P. L. Thomas: The Myth of the Bad Teacher: 2023
Paul Thomas tracks the myth of the bad teacher, last peaking around 2010, and now being trotted out again as an indictment, among other things, of those teachers who are totally teaching reading all the wrong way.
For most of the history of US education, student reading achievement has been described as “failing,” and vulnerable student populations (minoritized races, impoverished students, students with special needs such as dyslexia, and MLLs) have always been underserved.
The dirty little secret about teacher quality related to student reading proficiency is that those vulnerable students are disproportionately sitting in class with early-career and uncertified teachers who are struggling with high student/teacher ratios.
Are students being underserved? Yes, but this is a historical fact of US public education not a current crisis.
Are low student achievement and reading proficiency the result of bad teachers? No, but these outcomes are definitely correlated with bad teaching/learning conditions and bad living conditions for far too many students.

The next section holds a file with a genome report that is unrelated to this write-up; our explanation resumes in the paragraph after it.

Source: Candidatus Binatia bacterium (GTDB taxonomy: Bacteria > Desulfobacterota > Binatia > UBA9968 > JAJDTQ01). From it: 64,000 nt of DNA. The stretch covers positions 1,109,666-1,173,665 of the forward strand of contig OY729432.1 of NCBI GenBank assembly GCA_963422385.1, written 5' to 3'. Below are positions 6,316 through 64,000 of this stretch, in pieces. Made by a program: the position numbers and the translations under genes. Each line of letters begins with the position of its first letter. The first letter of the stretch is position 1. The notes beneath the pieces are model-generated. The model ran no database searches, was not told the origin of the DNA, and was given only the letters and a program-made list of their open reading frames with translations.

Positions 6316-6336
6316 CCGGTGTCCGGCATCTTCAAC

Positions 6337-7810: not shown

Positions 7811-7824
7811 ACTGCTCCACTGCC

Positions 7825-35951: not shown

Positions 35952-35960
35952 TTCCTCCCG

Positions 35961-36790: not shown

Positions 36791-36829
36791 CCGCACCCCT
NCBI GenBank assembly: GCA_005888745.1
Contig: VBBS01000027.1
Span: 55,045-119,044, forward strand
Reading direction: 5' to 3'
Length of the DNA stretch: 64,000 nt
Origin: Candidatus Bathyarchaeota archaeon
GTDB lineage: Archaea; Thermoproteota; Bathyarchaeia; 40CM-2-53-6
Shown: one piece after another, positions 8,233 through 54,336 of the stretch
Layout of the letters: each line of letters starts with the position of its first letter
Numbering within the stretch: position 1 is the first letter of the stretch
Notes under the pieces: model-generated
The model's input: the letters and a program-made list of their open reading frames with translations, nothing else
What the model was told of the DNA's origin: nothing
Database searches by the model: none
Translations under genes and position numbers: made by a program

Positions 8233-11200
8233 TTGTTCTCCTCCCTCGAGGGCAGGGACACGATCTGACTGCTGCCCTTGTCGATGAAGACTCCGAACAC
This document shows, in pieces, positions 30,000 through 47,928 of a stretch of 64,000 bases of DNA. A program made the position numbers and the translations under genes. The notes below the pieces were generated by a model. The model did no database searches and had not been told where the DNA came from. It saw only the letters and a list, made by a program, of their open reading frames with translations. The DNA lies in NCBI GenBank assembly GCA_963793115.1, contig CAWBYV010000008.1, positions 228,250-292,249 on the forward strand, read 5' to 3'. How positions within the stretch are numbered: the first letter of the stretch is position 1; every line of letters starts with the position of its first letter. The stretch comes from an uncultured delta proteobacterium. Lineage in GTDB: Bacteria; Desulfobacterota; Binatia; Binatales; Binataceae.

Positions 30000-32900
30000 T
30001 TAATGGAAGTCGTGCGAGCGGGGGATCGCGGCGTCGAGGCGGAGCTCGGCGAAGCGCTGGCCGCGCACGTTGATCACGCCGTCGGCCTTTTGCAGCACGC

In 2023, just as in 2010, the myth of the bad teacher is a lie, a political and marketing lie that will never serve the needs of students, teachers, or society.
Way back in 1984 when I entered the classroom, I was excited to begin my career but quickly discovered that despite my respect and even love for my English professors and teacher educators in my undergraduate degree, I simply was not prepared well enough to do my job, notably as a teacher of writing.
I set out to learn by teaching, and do better. During the late 1980s, I was fortunate to learn further through the Spartanburg Writing Project (Nation Writing Project), where I discovered that much of my on-the-job training was misguided (thanks, Brenda Davenport).
Anyone who teaches knows that becoming an effective teacher is a journey and that those first 3, 5, or even 10 years are challenging and include a great deal of growth that cannot be accomplished in teacher certification programs.
None the less, everything surrounding teaching, and especially the teaching of reading, can and should be better.
That was true in 1940 and every decade since then.
Teacher and school bashing, shouting “crisis”—these have been our responses over and over; these are not how we create a powerful teacher workforce, and these will never serve the needs of our students who need great teachers and public education the most.
The myth of the bad teacher is a Great American Tradition that need to end.